To save the result of the compilation stage, pass the -S option to cc:

cc -S hello_world.c

This will create a file named hello_world.s, containing the generated assembly instructions. On Mac OS 10.10.4, where cc is an alias for clang, the following output is generated:

.section    __TEXT,__text,regular,pure_instructions
    .macosx_version_min 10, 10
    .globl  _main
    .align  4, 0x90
_main:                                  ## @main
## BB#0:
    pushq   %rbp
    .cfi_def_cfa_offset 16
    .cfi_offset %rbp, -16
    movq    %rsp, %rbp
    .cfi_def_cfa_register %rbp
    subq    $16, %rsp
    leaq    L_.str(%rip), %rdi
    movl    $0, -4(%rbp)
    callq   _puts
    xorl    %ecx, %ecx
    movl    %eax, -8(%rbp)          ## 4-byte Spill
    movl    %ecx, %eax
    addq    $16, %rsp
    popq    %rbp

    .section    __TEXT,__cstring,cstring_literals
L_.str:                                 ## @.str
    .asciz  "Hello, World!"



During the assembly stage, an assembler is used to translate the assembly instructions to machine code, or object code. The output consists of actual instructions to be run by the target processor.

To save the result of the assembly stage, pass the -c option to cc:

cc -c hello_world.c

Running the above command will create a file named hello_world.o, containing the object code of the program. The contents of this file are in a binary format and can be inspected using hexdump or od by running either one of the following commands:

hexdump hello_world.o
od -c hello_world.o


The object code generated in the assembly stage is composed of machine instructions that the processor understands but some pieces of the program are out of order or missing. To produce an executable program, the existing pieces have to be rearranged and the missing ones filled in. This process is called linking.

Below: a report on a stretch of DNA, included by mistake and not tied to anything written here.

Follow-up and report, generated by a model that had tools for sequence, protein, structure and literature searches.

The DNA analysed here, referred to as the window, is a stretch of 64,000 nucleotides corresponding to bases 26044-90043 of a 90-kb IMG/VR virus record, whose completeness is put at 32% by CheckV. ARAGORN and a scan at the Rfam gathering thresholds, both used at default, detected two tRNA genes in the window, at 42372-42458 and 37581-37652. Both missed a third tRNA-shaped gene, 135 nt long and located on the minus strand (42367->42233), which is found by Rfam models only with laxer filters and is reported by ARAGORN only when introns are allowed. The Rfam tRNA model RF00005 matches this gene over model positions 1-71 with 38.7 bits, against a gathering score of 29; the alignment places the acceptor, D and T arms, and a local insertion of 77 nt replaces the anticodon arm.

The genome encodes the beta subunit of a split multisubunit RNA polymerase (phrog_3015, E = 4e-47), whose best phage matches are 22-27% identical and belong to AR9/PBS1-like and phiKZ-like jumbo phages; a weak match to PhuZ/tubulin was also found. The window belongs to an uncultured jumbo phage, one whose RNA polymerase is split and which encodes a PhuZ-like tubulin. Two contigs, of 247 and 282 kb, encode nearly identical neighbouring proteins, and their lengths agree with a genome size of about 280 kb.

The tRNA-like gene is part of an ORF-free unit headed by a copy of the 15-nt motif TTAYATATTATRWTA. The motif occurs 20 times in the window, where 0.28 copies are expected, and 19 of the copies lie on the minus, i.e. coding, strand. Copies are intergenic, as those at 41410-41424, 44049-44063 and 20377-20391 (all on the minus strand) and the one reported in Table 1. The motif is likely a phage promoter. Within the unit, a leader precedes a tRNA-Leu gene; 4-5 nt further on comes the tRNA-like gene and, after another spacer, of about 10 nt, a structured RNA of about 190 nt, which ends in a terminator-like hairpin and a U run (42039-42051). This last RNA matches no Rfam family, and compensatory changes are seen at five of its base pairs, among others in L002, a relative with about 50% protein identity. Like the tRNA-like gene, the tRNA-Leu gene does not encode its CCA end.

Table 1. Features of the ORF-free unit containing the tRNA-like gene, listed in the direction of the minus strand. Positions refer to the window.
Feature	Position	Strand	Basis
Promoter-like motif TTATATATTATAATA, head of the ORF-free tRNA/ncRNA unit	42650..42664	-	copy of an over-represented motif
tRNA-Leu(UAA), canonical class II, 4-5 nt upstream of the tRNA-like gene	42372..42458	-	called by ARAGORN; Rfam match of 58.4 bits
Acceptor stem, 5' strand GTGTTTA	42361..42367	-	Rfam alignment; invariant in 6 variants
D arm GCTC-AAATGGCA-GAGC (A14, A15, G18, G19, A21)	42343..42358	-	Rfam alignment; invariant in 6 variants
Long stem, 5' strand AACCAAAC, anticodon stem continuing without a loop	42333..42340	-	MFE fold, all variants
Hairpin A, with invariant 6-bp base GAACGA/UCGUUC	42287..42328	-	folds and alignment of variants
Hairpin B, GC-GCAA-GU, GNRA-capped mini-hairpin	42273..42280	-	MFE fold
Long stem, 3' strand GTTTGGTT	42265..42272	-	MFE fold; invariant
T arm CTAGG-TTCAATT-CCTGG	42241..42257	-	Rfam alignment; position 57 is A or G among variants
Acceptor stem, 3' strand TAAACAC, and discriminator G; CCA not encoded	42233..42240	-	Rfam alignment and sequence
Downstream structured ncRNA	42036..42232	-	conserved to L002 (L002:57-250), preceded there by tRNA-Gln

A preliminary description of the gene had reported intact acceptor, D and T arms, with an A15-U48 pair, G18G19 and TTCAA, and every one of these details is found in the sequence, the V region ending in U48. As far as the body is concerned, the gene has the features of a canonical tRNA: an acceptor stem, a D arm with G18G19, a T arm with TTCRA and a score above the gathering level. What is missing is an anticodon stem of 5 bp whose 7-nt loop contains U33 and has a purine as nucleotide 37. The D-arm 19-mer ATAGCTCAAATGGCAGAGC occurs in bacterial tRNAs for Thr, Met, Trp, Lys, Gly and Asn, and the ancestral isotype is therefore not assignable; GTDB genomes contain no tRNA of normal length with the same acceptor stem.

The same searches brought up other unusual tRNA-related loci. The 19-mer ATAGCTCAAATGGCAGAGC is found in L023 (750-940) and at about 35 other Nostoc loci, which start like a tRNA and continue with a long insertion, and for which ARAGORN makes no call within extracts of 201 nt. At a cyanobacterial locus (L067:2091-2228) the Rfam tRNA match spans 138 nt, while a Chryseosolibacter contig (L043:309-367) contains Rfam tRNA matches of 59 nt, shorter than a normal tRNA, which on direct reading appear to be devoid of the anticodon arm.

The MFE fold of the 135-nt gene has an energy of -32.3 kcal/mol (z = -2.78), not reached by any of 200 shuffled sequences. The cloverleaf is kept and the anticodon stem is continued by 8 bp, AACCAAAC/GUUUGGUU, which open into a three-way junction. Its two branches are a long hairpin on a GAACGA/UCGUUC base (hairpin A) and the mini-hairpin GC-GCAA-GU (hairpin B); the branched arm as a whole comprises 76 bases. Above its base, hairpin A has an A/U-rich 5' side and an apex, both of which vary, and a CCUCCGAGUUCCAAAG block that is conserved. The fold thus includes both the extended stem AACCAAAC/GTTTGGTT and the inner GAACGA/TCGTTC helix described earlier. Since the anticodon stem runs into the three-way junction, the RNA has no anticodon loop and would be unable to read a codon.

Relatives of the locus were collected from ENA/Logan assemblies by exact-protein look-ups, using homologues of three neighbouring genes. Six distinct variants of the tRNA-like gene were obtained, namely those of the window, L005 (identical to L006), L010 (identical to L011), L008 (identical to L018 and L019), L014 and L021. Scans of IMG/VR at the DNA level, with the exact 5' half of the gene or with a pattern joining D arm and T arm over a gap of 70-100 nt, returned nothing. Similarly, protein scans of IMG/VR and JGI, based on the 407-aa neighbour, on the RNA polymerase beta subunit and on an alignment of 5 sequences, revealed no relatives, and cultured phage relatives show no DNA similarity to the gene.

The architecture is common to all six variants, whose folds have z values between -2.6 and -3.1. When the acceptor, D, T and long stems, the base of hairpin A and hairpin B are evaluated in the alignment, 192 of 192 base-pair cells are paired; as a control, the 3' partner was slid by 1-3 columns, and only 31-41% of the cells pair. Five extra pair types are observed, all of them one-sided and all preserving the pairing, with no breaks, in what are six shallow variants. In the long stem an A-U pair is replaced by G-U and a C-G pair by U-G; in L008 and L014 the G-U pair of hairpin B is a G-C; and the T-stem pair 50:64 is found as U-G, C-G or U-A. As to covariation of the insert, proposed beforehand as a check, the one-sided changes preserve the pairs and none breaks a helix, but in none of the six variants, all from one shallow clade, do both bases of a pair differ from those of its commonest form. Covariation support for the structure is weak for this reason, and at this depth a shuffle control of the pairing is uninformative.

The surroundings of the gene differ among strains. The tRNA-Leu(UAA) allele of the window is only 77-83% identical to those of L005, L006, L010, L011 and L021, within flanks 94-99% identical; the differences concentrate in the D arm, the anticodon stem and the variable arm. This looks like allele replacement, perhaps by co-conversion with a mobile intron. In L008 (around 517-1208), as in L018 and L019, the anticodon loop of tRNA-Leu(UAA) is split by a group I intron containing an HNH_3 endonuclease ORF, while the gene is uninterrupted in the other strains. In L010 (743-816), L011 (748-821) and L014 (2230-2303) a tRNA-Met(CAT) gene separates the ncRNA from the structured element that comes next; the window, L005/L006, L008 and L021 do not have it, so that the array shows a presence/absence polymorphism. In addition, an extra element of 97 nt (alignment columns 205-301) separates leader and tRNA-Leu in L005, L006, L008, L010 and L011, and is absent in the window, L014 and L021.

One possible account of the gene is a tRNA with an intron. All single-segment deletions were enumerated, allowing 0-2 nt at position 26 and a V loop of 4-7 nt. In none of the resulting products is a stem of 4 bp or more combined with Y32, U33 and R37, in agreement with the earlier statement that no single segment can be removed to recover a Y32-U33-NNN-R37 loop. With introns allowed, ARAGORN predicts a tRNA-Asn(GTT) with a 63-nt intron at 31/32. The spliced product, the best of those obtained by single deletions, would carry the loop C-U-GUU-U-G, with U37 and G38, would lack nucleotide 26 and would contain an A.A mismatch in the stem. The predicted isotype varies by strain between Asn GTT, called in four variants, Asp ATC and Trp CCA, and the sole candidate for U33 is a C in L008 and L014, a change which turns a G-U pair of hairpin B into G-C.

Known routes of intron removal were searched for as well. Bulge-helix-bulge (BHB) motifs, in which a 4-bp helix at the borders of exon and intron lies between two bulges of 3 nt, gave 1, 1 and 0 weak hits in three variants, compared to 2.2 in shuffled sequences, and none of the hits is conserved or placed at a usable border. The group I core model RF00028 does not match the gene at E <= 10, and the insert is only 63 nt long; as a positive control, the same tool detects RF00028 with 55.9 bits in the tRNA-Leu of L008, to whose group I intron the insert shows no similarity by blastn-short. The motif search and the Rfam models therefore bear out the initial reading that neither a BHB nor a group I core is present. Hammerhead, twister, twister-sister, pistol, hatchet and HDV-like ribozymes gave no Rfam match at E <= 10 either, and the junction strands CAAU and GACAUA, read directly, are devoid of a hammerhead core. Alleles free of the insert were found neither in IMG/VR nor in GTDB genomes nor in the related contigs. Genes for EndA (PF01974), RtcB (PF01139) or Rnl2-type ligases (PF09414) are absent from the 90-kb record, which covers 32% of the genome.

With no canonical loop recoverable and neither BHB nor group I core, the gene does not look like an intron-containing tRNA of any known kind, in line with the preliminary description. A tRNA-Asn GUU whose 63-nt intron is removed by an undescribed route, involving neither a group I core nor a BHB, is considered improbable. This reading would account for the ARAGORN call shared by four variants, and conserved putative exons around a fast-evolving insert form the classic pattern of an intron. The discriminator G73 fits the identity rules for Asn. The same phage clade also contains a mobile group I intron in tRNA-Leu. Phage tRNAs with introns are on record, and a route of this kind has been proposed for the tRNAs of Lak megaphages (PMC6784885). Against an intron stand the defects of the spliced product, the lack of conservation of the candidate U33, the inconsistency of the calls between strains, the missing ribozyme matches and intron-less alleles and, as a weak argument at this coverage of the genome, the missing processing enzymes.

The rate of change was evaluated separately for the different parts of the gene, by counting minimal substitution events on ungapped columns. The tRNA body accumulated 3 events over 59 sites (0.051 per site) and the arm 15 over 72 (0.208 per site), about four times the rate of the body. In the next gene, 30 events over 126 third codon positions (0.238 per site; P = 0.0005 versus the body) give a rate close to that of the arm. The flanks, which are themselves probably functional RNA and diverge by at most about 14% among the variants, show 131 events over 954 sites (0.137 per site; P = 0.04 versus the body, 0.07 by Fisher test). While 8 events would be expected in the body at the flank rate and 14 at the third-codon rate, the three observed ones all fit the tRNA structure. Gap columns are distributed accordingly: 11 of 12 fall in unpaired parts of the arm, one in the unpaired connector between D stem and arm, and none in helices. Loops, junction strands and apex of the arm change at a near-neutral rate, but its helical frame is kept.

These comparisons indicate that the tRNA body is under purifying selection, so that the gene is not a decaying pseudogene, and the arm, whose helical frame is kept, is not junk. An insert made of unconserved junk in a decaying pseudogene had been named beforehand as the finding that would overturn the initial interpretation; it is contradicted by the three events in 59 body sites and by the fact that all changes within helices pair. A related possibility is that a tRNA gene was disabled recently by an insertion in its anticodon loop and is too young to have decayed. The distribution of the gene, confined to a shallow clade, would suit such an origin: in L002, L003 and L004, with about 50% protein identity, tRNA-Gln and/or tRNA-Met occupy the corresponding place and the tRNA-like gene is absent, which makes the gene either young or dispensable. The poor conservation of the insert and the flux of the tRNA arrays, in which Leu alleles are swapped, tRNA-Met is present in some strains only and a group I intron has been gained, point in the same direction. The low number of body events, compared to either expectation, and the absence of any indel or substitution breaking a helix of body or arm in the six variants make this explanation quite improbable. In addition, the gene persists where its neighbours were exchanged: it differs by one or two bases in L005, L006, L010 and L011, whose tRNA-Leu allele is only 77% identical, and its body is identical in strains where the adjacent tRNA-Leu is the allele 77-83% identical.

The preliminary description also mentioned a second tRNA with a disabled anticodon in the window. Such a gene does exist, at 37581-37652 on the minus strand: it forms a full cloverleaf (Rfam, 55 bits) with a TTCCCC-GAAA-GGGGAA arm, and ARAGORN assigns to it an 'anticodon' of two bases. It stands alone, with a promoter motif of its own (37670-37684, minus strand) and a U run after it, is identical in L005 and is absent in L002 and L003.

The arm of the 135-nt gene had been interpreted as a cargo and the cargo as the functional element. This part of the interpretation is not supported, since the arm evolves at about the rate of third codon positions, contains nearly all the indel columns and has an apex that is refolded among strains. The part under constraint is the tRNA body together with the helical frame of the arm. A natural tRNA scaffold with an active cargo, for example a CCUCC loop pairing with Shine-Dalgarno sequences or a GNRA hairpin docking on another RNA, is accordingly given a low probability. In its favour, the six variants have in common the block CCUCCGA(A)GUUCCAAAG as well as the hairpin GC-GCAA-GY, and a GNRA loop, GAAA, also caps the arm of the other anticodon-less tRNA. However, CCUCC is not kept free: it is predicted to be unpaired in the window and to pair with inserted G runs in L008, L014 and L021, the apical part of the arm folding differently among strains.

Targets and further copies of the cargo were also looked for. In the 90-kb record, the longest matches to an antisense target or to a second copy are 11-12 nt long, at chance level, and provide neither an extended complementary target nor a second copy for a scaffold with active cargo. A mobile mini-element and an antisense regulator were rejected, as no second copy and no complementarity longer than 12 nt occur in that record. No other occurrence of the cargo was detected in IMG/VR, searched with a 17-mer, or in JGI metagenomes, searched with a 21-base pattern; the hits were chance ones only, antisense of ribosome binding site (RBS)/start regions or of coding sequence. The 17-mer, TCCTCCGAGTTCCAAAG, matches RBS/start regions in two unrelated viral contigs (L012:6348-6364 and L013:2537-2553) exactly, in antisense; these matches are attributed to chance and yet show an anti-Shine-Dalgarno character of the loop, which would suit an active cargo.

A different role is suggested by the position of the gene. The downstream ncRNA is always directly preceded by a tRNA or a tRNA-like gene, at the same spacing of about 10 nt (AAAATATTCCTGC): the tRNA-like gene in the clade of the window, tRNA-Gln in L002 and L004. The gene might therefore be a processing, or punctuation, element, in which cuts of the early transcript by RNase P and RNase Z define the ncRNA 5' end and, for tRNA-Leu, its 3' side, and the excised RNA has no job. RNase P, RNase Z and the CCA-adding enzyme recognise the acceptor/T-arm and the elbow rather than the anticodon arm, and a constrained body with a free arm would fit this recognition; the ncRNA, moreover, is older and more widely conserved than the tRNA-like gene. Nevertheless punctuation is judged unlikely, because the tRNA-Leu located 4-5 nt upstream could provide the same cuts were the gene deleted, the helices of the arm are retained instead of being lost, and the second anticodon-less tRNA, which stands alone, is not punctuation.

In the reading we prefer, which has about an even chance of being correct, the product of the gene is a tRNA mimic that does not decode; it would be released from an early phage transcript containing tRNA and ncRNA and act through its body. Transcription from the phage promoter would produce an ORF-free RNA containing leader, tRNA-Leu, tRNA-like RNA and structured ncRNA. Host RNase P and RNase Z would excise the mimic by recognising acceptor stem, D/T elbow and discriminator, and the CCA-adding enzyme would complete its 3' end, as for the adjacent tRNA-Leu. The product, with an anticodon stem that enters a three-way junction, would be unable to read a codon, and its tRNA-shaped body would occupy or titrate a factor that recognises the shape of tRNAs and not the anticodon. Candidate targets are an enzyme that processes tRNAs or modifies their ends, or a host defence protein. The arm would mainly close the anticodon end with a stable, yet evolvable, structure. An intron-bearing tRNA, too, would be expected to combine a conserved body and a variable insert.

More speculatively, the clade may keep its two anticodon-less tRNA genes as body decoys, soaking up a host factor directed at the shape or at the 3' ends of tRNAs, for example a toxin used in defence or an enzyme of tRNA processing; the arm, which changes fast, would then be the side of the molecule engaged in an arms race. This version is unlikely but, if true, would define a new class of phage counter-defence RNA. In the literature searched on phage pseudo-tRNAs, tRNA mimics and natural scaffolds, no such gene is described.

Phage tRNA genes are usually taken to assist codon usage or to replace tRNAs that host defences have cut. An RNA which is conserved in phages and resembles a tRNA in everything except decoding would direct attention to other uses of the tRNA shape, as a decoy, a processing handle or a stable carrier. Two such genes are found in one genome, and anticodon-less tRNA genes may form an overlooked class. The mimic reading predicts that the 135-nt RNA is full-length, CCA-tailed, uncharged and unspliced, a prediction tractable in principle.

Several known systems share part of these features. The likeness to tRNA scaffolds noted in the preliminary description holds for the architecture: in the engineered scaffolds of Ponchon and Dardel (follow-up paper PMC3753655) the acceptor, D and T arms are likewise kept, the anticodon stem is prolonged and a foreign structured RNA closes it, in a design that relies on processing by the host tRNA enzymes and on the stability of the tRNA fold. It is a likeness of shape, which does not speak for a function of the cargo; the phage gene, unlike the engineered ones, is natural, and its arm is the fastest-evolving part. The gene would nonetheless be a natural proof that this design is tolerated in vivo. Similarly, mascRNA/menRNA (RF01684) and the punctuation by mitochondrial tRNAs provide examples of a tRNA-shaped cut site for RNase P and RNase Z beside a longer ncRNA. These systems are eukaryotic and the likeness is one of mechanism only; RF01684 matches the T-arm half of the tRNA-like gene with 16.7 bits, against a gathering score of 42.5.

Let’s assume your project contains two ( hello.c and world.c) source files. So, when you compile the project, the assembler will give you hello.o and world.o object files. In the end, we need only one binary file that has to be loaded into the target processor or controller. So, the linker will arrange those hello.o and world.o, gives a single binary file.

That’s why you will get a error from the linker when you are calling the function which is not defined anywhere. Linker tries to find that function in other source files and throws an error if it couldn’t find that.

The linker will arrange the pieces of object code so that functions in some pieces can successfully call functions in other pieces. It will also add pieces containing the instructions for library functions used by the program. In the case of the “Hello, World!” program, the linker will add the object code for the puts function.